Active volume control - Be quiet please. - diyAudio
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Old 3rd November 2014, 10:55 AM   #1
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Default Active volume control - Be quiet please.

Hello,
i would like to implement an active volume control into my next preamp.
I read those two articles:
http://www.ti.com/lit/ug/tidu034/tidu034.pdf
ESP - A Better Volume Control
and played around on the breadboard.

Now i'm listening to music via this setup:
music from pc
-> breadboard:Click the image to open in full size.
-> sure tpa3116 class d amp (with same signal on both channels (mono))
-> low sensitivity monitors from the 80s.
power supply is ~19v from sla batteries.

Opamps are TL072 for the signal and TL071 for the ps.
R9 and R10 represent a B50K pot.

Sound is good.
The volume pot gives a nicer 'response' than a standard log pot at the output of the preamp.

BUT:
This circuit cannot completely mute the signal.
Is there a modification to this circuit to achieve that?

edit:
R15 is not 22k but 100R
R13 is a link

Last edited by Buehgemeiste; 3rd November 2014 at 11:04 AM.
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Old 3rd November 2014, 11:03 AM   #2
Mooly is offline Mooly  United Kingdom
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I've used these type of circuits in the past and it should go all the way to zero. If you physically short the pot wiper to R14 (in other words short out R10 in the sim) do you get silence. If so then the pot isn't up to scratch and is leaving some residual resistance in circuit.
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Old 3rd November 2014, 11:15 AM   #3
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I hoped for you, mooly, to give some advise.
Thanks a lot!

So maybe this is an effect i have recognized a couple of times now in my still short diy carreer:
I hear my sound transducers creating small acustic signals even if no electrical signal can flow through the wires (no connection).
But the signals seem to be induced via magnetic or electric fields from one wire into the other.
Is this possible?
I think this effect might be even stronger on the breadboard with long leads and so on...

So maybe i can only really test it when built on perf-board.
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Old 3rd November 2014, 12:05 PM   #4
Mooly is offline Mooly  United Kingdom
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On a breadboard there is significant capacitive coupling between the strips of contacts (many 10's of pf) which is enough to couple AC signals between relatively high impedance circuitry. Wires would have to be very close and over some distance to do the same but yes, it happens.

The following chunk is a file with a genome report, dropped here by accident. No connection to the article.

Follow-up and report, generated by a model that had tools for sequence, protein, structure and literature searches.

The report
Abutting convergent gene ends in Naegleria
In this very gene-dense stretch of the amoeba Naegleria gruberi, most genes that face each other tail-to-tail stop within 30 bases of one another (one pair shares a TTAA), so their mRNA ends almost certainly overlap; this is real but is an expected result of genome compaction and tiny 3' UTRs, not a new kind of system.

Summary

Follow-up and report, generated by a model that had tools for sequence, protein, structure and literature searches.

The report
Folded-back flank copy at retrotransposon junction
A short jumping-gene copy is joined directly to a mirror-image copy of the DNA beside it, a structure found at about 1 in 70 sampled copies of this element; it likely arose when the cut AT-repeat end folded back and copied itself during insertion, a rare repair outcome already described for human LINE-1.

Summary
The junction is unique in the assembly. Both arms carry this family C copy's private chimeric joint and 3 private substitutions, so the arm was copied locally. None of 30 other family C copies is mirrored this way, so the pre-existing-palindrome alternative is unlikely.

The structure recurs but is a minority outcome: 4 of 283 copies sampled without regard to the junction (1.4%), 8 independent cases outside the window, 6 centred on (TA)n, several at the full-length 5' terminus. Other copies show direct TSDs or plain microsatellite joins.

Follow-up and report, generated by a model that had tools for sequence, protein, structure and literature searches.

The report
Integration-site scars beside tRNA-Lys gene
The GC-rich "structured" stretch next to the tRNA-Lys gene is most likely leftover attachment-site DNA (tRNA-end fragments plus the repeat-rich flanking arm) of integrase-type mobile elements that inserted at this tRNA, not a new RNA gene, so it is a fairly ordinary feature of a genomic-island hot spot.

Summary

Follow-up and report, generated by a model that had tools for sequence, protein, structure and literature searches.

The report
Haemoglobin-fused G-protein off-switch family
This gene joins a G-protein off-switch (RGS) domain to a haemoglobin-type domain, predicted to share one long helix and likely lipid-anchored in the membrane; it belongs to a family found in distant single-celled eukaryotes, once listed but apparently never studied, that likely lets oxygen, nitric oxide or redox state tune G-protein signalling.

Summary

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Old 4th November 2014, 02:08 PM   #5
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one more question about this, that doesn´t seem to be worth an own new thread.

the same preamp should include an baxandall tone control similar to this project:
Universal Preamp/ Mixer

is it better to have the volume control before or after the tone control stage?
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Old 4th November 2014, 02:48 PM   #6
AndrewT is offline AndrewT  Scotland
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Why is u3 in there?
What is it adding to the performance?
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Old 4th November 2014, 03:19 PM   #7
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I quote both sources from the original post:
Quote:
The buffer (u3) enables the inverting stage (needed so the circuit can work) to have a very high input impedance.
from what i understand gain should be added as 'early' as possible in the signal path.
so what is better at first volume control or tone control?
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Old 4th November 2014, 06:12 PM   #8
Mooly is offline Mooly  United Kingdom
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Any stages after the volume control circuit will have their noise contribution ever present and will also be working with very small signals (when the volume is low).

Quote:
Originally Posted by Buehgemeiste View Post
I quote both sources from the original post:


from what i understand gain should be added as 'early' as possible in the signal path.
so what is better at first volume control or tone control?
If you are dealing a small signal such as a phono cartridge or tape head then yes, amplify that signal to line level first.

Place the tone stage before the volume control and it will be working at normal line levels. The volume control will attenuate both signal and noise as the gain is lowered. That is the preferred option.
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Old 4th November 2014, 06:33 PM   #9
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i'll do it like that.
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Old 4th November 2014, 06:42 PM   #10
Mooly is offline Mooly  United Kingdom
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Best way imo
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